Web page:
Men over age 60 who have low blood testosterone levels may be at a higher risk for fractures, according to a report in the January 14 issue of Archives of Internal Medicine, one of the JAMA/Archives journals.
One-third of all osteoporotic fractures caused by porous bones occur in men, according to background information in the article. Men with a previous osteoporotic fracture have three to four times the risk of having another fracture than a woman of the same age with a fracture. “Preventing the first such fracture may have major public health implications,” the authors note. “Thus, understanding the determinants of fracture risk in men may reduce the burden of disease through facilitating better prevention strategies.”
Christian Meier, M.D., of the University of Sydney, Concord, New South Wales, Australia, and colleagues observed 609 men (average age 72.6) between January 1989 and December 2005. The men’s bone mineral density and lifestyle factors were recorded at the beginning of the study. Serum testosterone and estradiol (an estrogen) levels were measured and the occurrence of a low-trauma fracture (associated with a fall from standing height or less) was determined during follow-up.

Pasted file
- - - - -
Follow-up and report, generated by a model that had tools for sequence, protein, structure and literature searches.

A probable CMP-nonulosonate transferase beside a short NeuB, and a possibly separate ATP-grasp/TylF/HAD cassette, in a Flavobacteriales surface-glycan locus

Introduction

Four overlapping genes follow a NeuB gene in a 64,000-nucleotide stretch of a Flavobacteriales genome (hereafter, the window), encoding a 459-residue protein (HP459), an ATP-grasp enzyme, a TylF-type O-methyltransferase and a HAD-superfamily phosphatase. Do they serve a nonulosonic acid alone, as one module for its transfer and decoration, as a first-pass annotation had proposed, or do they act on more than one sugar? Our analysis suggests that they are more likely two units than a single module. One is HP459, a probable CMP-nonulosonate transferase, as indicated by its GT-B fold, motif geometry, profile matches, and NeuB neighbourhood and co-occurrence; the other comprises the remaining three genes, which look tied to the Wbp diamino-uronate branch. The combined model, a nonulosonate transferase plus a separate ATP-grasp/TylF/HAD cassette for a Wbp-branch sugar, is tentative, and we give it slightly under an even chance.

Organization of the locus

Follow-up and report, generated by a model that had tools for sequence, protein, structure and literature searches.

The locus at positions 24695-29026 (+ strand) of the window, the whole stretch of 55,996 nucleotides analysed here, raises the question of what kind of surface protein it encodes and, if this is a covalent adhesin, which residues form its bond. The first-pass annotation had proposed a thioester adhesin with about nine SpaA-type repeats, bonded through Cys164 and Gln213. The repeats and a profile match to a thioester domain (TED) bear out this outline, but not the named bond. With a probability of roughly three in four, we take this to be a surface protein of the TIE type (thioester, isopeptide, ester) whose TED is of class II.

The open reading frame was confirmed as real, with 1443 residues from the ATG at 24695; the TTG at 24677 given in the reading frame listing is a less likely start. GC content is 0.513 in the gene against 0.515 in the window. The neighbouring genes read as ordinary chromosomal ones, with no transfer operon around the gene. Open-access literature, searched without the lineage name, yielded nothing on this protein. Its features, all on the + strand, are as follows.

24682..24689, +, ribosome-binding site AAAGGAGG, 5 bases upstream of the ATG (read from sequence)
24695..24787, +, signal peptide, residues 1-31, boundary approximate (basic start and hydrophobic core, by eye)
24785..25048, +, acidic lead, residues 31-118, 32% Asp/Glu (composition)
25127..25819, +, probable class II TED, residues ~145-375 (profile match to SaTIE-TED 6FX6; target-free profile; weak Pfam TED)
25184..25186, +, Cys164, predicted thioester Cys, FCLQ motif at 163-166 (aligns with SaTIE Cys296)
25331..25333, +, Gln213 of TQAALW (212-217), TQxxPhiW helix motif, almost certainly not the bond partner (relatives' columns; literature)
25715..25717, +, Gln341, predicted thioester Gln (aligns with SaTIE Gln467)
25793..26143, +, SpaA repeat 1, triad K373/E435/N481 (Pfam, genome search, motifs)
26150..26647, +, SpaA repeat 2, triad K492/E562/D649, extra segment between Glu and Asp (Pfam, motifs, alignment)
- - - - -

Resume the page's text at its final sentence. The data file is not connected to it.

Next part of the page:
Low-trauma fractures occurred in 113 men during follow-up with the risk of fracture significantly higher in those with low testosterone levels. “Twenty-five men experienced multiple incident fractures,” the authors note. “A total of 149 incident fractures were reported, including 55 vertebral, 27 hip, 28 rib, six wrist and 16 upper and 17 lower extremity fractures.”
“After adjustment for sex hormone−binding globulin (a blood protein), serum testosterone and serum estradiol levels were associated with overall fracture risk,” according to the authors. “After further adjustment for major risk factors of fractures (age, weight or bone mineral density, fracture history, smoking status, calcium intake and sex hormone−binding globulin), lower testosterone was still associated with increased risk of fracture, particularly with hip and non-vertebral fractures.”
The problem with this sort of study is that it doesn't prove the direction of cause and effect. Does poorer health contribute to both lower testosterone and greater risk of bone fracture? Would supplemental testosterone reduce risk fracture? If it did then would it not increase the risk of other health problems? Hard to say. What we really need: rejuvenating cell therapies and gene therapies that will work far better than the most optimistic benefit we could hope to derive from hormone therapy.
|Share |||Randall Parker, 2008 January 23 09:09 PM Aging Studies|